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WINSLOW HOMER | Swiss 1861 -1831 | Back to Homer


Winslow Homer

Winslow Homer (1836-1910), widely regarded as the greatest of nineteenth-century American painters, is the subject of a comprehensive retrospective exhibition that illustrates all aspects of the painter's career from his early views of the Civil War to the late seascapes. Including more than 160 works in all media, this is the most complete exhibition of Homer's paintings since the Whitney Museum of American Art's show of 1973.

Like so many American artists, Winslow Homer had strong New England roots. He was born in Boston, and at the age of six moved with his family to Cambridge. In 1858 his family moved to Belmont, and the following year Homer himself left for New York where he had his studio until 1880. However, he returned frequently to see his family and to exhibit his work, and he spent several summers (including those of 1873 and 1880) in Gloucester. In 1883 he moved back to New England, settling for his last three decades in Prout's Neck, Maine.

Homer began as an illustrator, making many designs for wood-engravings published in Harper's Weekly during the Civil War years and thereafter. By 1863 he had begun to paint, and in 1864 he executed an accomplished group of paintings depicting sharpshooters, skirmishes, prisoners, and soldiers at leisure in their camps. After a trip to Paris in 1867, Homer over the next decade produced a brilliant series of works celebrating old-fashioned rural values in a nation undergoing rapid change and urbanization. His subjects included children at play and young women seen working or at leisure. Homer's women were portrayed during summer vacations (riding horseback, playing croquet, or enjoying the shore) or at work gathering eggs, picking cotton, or teaching school, while his rural boys and girls typically relax in the sunshine, practice courtship, or sail their boats.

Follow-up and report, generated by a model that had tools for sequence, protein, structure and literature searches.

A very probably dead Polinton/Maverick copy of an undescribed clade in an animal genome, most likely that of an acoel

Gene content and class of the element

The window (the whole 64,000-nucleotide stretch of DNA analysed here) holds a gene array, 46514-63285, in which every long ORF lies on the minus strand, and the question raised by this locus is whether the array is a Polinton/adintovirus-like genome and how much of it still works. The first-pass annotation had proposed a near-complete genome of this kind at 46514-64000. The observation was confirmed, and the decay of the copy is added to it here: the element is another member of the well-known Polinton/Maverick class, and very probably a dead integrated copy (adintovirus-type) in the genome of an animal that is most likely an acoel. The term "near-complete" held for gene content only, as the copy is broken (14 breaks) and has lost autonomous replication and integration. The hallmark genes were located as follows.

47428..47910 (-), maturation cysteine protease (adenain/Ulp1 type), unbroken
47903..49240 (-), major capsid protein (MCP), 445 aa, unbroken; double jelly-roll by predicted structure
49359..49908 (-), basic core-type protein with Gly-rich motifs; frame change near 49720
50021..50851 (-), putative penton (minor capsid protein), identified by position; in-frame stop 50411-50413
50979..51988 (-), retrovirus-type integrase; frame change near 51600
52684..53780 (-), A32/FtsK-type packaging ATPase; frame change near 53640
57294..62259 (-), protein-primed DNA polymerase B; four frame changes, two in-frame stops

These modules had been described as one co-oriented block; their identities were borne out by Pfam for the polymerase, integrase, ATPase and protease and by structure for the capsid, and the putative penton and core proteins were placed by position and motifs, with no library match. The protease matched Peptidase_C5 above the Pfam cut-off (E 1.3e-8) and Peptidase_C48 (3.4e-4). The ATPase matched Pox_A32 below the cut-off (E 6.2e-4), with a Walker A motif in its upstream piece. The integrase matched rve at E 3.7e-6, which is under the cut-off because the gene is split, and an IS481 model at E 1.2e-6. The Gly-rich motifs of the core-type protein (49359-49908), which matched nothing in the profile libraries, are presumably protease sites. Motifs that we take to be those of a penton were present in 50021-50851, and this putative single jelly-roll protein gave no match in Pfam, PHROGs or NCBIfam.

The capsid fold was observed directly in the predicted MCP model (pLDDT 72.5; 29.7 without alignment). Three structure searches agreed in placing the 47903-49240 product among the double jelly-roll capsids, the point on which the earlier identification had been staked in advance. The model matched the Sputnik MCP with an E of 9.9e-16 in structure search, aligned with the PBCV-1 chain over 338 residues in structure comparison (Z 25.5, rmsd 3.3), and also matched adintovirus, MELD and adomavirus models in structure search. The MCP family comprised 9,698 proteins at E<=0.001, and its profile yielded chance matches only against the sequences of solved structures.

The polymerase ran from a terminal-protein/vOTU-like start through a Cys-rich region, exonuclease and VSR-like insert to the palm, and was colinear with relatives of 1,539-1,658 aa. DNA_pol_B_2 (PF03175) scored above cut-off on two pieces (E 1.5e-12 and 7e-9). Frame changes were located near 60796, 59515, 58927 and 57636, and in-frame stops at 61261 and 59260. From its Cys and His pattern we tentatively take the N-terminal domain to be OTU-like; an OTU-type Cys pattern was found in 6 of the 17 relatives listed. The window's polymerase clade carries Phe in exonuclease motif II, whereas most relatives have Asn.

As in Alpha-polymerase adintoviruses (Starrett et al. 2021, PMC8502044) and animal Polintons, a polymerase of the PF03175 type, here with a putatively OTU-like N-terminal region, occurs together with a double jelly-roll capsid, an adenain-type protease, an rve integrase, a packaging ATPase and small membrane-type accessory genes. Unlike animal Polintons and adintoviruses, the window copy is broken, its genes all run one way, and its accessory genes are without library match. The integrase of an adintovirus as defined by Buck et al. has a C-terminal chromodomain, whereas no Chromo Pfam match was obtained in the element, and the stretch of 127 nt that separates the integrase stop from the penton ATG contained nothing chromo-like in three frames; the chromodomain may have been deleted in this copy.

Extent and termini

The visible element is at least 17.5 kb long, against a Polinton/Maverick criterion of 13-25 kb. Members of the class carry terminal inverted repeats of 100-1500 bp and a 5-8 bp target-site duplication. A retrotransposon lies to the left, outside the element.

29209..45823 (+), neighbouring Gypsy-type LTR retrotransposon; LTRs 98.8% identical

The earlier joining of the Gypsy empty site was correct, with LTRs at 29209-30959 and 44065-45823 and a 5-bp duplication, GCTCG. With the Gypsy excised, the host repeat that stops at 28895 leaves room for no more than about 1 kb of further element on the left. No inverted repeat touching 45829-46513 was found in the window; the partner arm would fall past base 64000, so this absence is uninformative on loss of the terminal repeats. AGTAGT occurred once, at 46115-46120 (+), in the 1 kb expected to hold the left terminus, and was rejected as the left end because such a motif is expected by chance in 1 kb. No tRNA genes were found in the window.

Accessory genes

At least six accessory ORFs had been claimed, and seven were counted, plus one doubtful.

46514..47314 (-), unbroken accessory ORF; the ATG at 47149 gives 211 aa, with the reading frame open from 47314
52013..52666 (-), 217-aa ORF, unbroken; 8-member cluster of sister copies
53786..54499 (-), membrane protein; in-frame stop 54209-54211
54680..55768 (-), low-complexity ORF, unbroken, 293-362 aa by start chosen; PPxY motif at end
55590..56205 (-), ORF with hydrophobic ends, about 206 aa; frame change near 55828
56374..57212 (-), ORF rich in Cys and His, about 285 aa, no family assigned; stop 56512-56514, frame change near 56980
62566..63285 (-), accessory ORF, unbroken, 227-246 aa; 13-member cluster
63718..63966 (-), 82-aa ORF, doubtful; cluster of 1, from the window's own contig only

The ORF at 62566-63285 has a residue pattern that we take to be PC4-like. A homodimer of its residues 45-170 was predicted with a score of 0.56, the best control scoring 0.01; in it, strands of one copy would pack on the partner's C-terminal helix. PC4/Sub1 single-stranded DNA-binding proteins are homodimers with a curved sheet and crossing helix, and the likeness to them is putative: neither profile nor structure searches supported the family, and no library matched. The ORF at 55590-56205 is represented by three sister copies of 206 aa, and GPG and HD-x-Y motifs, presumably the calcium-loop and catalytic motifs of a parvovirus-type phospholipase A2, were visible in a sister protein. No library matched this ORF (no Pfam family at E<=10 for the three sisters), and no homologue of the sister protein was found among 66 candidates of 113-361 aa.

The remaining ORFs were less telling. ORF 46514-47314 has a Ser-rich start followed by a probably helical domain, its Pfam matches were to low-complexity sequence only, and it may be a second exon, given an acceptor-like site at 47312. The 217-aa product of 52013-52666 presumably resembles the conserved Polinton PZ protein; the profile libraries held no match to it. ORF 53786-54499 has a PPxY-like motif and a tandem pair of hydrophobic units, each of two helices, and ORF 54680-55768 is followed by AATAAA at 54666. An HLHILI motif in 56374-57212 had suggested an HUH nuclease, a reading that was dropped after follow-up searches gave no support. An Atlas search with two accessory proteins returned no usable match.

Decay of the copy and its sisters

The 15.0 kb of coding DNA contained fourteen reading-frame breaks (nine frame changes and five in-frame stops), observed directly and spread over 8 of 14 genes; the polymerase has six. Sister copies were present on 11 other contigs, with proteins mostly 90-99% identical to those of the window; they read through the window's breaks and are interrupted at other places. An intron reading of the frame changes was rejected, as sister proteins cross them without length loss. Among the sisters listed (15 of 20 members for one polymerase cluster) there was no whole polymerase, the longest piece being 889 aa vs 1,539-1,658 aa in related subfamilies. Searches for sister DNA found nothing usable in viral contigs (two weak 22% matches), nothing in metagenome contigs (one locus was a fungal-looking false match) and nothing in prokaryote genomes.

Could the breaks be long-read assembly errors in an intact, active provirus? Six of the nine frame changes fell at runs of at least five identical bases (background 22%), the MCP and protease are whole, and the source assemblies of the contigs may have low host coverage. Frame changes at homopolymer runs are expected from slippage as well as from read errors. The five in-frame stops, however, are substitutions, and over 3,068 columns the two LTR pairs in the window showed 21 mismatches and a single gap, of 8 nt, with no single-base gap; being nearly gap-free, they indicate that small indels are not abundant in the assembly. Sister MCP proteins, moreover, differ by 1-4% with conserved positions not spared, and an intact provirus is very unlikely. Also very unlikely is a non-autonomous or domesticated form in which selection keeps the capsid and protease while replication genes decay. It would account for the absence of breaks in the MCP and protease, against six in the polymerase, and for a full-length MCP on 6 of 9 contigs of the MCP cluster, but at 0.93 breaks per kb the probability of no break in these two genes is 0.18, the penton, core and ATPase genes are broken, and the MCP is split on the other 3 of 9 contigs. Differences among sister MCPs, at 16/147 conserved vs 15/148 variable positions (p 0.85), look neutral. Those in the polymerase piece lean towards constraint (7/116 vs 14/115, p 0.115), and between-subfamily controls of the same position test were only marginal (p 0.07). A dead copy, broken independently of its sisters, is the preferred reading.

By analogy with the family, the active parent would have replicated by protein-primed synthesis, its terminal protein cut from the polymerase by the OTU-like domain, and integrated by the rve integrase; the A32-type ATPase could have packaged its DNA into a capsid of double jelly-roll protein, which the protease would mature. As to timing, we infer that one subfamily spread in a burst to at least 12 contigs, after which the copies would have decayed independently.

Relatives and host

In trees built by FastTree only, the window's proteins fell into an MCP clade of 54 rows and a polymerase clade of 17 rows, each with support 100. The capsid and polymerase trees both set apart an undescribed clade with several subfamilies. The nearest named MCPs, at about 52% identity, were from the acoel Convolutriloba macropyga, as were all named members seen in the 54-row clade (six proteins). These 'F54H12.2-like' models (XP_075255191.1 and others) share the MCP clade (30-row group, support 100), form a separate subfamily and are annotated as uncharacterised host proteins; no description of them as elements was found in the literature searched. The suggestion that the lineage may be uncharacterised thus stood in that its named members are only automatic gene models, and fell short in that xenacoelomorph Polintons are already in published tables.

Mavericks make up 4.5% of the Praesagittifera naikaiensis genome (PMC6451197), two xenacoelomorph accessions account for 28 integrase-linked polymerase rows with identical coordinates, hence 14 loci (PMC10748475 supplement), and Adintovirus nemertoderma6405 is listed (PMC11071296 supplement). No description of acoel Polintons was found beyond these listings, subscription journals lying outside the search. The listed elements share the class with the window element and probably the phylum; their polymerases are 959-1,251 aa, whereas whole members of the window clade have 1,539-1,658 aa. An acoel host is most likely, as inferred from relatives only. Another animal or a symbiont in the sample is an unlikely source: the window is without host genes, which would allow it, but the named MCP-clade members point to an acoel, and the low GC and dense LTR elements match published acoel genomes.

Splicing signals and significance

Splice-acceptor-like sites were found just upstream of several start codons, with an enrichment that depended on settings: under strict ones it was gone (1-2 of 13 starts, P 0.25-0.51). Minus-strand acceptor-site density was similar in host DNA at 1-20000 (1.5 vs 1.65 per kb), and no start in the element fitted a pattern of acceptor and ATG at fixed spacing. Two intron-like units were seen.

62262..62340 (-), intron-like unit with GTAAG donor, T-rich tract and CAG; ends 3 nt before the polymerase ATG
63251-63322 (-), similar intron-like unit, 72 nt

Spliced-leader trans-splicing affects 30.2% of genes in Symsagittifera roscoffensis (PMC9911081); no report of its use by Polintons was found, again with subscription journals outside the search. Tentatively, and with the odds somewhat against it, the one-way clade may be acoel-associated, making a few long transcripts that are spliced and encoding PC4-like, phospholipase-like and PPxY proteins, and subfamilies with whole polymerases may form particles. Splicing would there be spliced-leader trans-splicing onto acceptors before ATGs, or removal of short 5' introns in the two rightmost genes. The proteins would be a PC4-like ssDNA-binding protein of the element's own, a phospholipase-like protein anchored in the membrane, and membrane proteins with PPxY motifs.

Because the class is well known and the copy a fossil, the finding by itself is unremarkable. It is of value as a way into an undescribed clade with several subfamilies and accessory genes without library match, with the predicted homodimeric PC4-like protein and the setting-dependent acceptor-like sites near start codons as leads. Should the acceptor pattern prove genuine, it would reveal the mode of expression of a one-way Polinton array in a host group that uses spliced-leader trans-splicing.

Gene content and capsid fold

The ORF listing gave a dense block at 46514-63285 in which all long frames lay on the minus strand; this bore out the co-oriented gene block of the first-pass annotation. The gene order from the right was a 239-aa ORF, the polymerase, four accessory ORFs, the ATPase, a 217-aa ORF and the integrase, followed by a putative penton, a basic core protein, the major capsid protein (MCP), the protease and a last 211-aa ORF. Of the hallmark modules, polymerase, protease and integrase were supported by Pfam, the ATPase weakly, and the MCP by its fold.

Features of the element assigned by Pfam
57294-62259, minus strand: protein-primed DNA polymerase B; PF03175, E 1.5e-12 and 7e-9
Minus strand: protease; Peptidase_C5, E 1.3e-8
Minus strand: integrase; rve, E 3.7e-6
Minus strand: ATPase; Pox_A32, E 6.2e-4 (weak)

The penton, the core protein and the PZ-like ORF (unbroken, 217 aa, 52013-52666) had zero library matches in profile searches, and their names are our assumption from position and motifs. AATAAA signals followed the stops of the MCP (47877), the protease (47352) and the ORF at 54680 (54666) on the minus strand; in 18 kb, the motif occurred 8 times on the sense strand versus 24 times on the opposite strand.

Key transitional years for Homer were 1881-82, which he spent in the fishing village of Cullercoats on the northeast coast of England. Here the painter developed his mature watercolor technique, and here also he found the theme of the sea to which he devoted the rest of his life. Upon his return to the U.S., Homer settled on then-remote Prout's Neck, near Portland, Maine, where his studio overlooked the ocean. His subjects now were masculine ones: fishermen battling the elements both on shore and far out at sea (in works ranging from The Fog Warning, 1884, to the famous The Gulfstream of 1899, sponge divers and sailors in the Bahamas, hunters and fly fishermen in Canada and the Adirondacks. Finally, beginning about 1890, Homer executed a magnificent series of paintings of the sea itself, elemental pictures that have been interpreted in many ways. Without question, Homer's late works are heroic and thought provoking; they portray both the beauty and the awesome power of nature, and they deal with the great questions of human meaning and mortality.

This biography was created for a retrospective of Homer’s work at the Museum of Fine Arts Boston.
by Theodore E. Stebbins, Jr., John Moors Cabot Curator of American Paintings

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